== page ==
4. Insulin growth factors and their receptors (IGFs)
Growth hormone (GH) affects growth processes in tissues and organs through specific substances called the insulin growth factors (IGF-I; IGF-II). IGF-I, termed somatomedin C, and IGF-II affect growth regulation of thyroid endothelial cells. In turn, thyroid follicular cells show high expression of specialized IGF-I and IGF-II receptors. The IGF-I receptor, as a member of the family of receptors that act via tyrosine kinase, is a mediator of the effect of IGF-I on stimulation and growth of thyroid follicular cells. IGF-I has been proven to strongly stimulate growth of the FRTL-5 line cells and to synergistically enhance the mitogenic effect of thyrotropin (TSH). In turn, the IGF-II receptor plays no significant role in thyroid growth stimulation. Autocrine secretion of IGF-I, IGF-II and expression of the IGF-I-Rs receptor were demonstrated in primary cultures of thyroid follicular cells, as well as in adenomas and thyroid papillary carcinoma cell lines [16,17,18].
5. Fibroblast growth factor (FGFs), hepatocyte growth factor (HGF), platelet-derived growth factor (PDGF)
To date, nine subtypes of the fibroblast growth factor belonging to a single family (the "FGF family") have been determined. The FGF factor itself is known as a stimulator of proliferation, differentiation and functioning of various diverse cells of human body. FGF also plays a significant role in neoangiogenesis. The cell response to FGF effect is mediated by its four receptors (FGF-R 1-4) that belong to the family of tyrosine kinases. Thyroid endothelial cells show expression of FGF-R receptors, while the basement membrane of thyroid follicular cells is capable of producing the factor itself. Based on numerous observations in vitro and in vivo in rat thyroid follicular cells, an autocrine, stimulatory effect of FGF-2 ("basic FGF") on thyroid growth processes has been demonstrated. In turn, a paracrine effect has been manifested in neovascularization seen in nodular goiter. Similarly as EGF, FGF has an inhibitory effect on thyroid function. The effect of FGF consists in inhibition of cAMP activation and weakening of TSH activity. FGF-1 administration to rats leads to development of colloid goiter, most likely through inhibition of TSH-dependent colloid transport from the lumen of thyroid follicles (Figure 4.).
The hepatocyte growth factor (HGF) is also a potent myogen for numerous diversified cell types in human body, especially these of epithelial origin. It operates through its receptor that is encoded by the c-met proto-oncogene and belongs to the family of tyrosine kinase receptors. HGF-R expression has been noted both in normal and cancer tissue, with the factor being present in papillary and follicular carcinoma, but absent in anaplastic carcinoma tissue. Some importance in neoplastic proliferation is also ascribed to the platelet-derived growth factor PDGF), the presence of which has been noted in the papillary carcinoma cell line.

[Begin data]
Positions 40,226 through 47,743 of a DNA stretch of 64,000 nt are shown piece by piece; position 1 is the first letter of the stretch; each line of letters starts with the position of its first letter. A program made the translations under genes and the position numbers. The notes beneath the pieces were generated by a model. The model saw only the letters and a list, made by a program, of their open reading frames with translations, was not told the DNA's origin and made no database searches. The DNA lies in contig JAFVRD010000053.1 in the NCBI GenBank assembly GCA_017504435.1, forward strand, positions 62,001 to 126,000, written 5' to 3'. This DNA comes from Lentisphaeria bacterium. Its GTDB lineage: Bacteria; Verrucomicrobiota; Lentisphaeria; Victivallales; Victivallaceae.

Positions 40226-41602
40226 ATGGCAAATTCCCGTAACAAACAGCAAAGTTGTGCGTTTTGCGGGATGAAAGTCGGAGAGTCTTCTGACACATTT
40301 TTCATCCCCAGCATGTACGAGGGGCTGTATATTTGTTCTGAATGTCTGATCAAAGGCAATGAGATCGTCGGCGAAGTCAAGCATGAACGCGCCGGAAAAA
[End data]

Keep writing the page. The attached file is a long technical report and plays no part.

6. Interactions between stimulatory growth factors and their inhibitors
A group of factors that inhibit thyroid growth is the family of the thyroid growth inhibiting factor – β (TGF- β). Through their receptors TGF- β-R I to TGF- β-R III, the factors TGF- β1 to TGF- β3 affect inhibition of thyroid follicular cell growth in vitro; their role has also been implicated in development of benign lesions. A drop in TGF production has been observed in thyroid follicular cells of patients with non-toxic goiter.
Stimulation of thyroid tissue growth occurs through an increased frequency of signals reaching the gland from the surrounding structures, resulting in sensitization of follicular cells to normal external stimuli. Such stimuli may be the afore-mentioned growth factors or antibodies or else dietary iodine deficit. A notion of the so-called "grey zone" has become popular in thyreology, to denote a population of cells with a high internal growth potential, which, in consequence of single or multiple genetic damage, change their growth potential (in hyperplastic tumors) towards cancer, yet without obvious neoplastic transformation. The effect on cell cycle, manifested as for example the shortened G0 phase or limitation of apoptosis may lead to an increase in the number of cell divisions prior to programmed cell death.
Within the past decade, development of modern research methods, molecular biology and genetics has allowed for gradual understanding of molecular foundations of thyroid cancers. It is presently known that activation of certain oncogenes and inactivation of suppressor genes may lead to tumor development. Of 35 proto-oncogenes determined in neoplastic transformation of thyroid follicular cells, the following have their effect proven:
c-erb encodes the EGF (endothelial growth factor) receptor;
flg, bek encodes the FGF receptor type 1 and 2 (fibroblast growth factor);
c-met encodes the HGF (hepatocyte growth factor) receptor;
c-sis encodes the PDGF (platelet-derived growth factor) receptor;
Ras is characteristic of follicular carcinoma, adenoma, anaplastic carcinoma;